Lots of ASTs have a clause saying that the tenancy is subject to the terms of the head lease. If the head lease requires the sharing of that information, might that constitute consent?
              Assume I know nothing.

              Comment


                #8
                Originally posted by AndrewDod View Post
                OK I think we are in agreement
                Yes, we agree.
                It won't stop me arguing though!

                Originally posted by Hooper View Post
                Lots of ASTs have a clause saying that the tenancy is subject to the terms of the head lease. If the head lease requires the sharing of that information, might that constitute consent?
                Only if the terms of that head lease are part of the agreement.
                You can't agree to be bound by the terms of something you don't know and that could (in theory, however remote) change without your knowledge.

                So the term would be void or unfair.
                ​​​​​​​
                When I post, I am expressing an opinion - feel free to disagree, I have been wrong before.
                Please don't act on my suggestions without checking with a grown-up (ideally some kind of expert).

                Comment


                  #9
                  Originally posted by Hooper View Post
                  Lots of ASTs have a clause saying that the tenancy is subject to the terms of the head lease. If the head lease requires the sharing of that information, might that constitute consent?
                  Not unless you actually give the tenant the "head lease" stapled to their agreement and can prove they got it.

                  Comment


                    #10
                    Though strictly speaking anyone letting a leasehold flat would be a bit remiss not to append or replicate any conditions in the headlease by which they are bound.
                    Assume I know nothing.

                    Comment


                      #11
                      I think most people letting leasehold flats are a bit remiss!

                      Comment

                      Latest Activity

                      Collapse

                      • Converting front garden into a driveway.
                        by ForumFirstTimer
                        Hello,

                        I purchased my ground floor flat last year, its a converted house with 3 flats in. It has a small front garden which is 100% mine within the lease, but it is large enough that it would fit a car on it.

                        The 'Garden' right now it just patchy weeds.

                        My question...
                        30-03-2020, 15:09 PM
                      • Reply to Converting front garden into a driveway.
                        by Section20z
                        I think paving could be argued to be a normal use of a garden, (bearing in mind it will need to be permeable anyway for building regs) If the other 2 flats aren't going to complain then I'd be inclined to just do it.
                        What's the worst that can happen.......
                        31-03-2020, 21:39 PM
                      • Sole Director
                        by Stacker
                        Hope you are all healthy and safe!....our AOA state that a quorum is required. The sole director has appointed another director, without one shareholder knowing about the meeting my question is would the meeting have been quorate and could the company secretary act ( one they hire not a member) be part...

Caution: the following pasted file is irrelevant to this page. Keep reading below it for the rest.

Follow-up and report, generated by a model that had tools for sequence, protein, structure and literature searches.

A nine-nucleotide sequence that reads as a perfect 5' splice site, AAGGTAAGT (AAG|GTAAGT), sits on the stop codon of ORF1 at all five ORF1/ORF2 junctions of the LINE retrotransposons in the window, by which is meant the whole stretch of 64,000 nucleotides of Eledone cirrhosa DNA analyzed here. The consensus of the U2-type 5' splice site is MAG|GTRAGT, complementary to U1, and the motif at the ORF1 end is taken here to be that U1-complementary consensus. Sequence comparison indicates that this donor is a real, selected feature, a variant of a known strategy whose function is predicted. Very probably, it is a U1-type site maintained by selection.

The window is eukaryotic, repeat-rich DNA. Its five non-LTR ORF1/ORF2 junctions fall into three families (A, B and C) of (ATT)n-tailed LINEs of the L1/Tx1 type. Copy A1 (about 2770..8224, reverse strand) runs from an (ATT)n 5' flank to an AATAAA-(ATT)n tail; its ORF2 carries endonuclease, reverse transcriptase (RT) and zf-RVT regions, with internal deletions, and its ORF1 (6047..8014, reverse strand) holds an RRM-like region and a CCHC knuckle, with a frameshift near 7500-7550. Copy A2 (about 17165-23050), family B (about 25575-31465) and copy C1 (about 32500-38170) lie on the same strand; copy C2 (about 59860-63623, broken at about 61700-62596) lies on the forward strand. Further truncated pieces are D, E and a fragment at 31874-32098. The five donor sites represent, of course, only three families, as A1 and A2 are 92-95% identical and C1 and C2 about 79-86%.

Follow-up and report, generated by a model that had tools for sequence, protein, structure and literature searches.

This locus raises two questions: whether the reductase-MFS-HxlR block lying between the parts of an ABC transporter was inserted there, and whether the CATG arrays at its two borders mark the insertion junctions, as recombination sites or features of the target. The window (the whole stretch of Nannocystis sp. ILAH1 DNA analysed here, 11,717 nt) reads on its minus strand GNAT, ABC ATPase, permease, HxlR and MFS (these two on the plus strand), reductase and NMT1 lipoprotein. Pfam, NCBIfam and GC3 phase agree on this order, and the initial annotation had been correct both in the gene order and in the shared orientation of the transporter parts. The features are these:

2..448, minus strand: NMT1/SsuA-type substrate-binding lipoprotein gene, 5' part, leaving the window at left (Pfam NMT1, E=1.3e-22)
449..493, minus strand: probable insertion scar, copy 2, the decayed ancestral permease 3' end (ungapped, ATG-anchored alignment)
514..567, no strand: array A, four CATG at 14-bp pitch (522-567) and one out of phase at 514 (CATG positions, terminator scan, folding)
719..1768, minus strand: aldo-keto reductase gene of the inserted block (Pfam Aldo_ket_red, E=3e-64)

29-03-2020, 10:41 AM
                      • Reply to Sole Director
                        by Stacker
                        The articles clearly sate no decisions to be taken unless the meeting is quorate meaning directors - the board, the same for shareholder meetings. A sole director can impose his sole authority if he is the only shareholder however the company has AOA which clearly state all meetings are to be quorate...otherwise...
                        31-03-2020, 12:55 PM
                      • Reply to Sole Director
                        by Stacker
                        Sorry leaseholder 64 that is wrong...
                        31-03-2020, 12:51 PM
                      • Reply to Converting front garden into a driveway.
                        by Lawcruncher
                        They may not "need" payment. It depends on what the lease says. There are three possibiities:

                        · The lease says nothing about making alterations or additions or. if it does, the changes you propose are not covered. In that case you can go ahead without asking the landlord....
                        31-03-2020, 08:37 AM
                      • Recourse for work we paid out based on freeholder's incorrect advice
                        by eshroom
                        When my mum bought her flat exactly 5 years ago, she discovered an issue with the buildings wast pipe, which was under her basement flat. It had been leaking and caused a foul smell.

                        She informed the freeholder of the urgent drain issue and they said it was not something for them to investigate...
                        30-03-2020, 21:50 PM
                      • Reply to Converting front garden into a driveway.
                        by ForumFirstTimer
                        thanks for your reply.

                        What would they specifically need payment for? The fact that it's going to be used as a driveway or because I am changing the front garden from grass (solid and weeds) to paving?

                        thanks
                        30-03-2020, 21:11 PM
                      • Reply to Converting front garden into a driveway.
                        by nukecad
                        You would need the freeholders permission for a start, and if they allow you then they will probably want payment for that.
                        30-03-2020, 19:50 PM
                      • Pansies before people
                        by D P Dance
                        The managing agents of one of my rental properties, who have been vilified on Trust Pilot, when asked if they are considering relief for landlords whose tenants have defaulted on their rent have refused point blank to consider offer help and have told me I quote

                        .. you need to accept the...
                        24-03-2020, 13:24 PM
                      Working...
                      X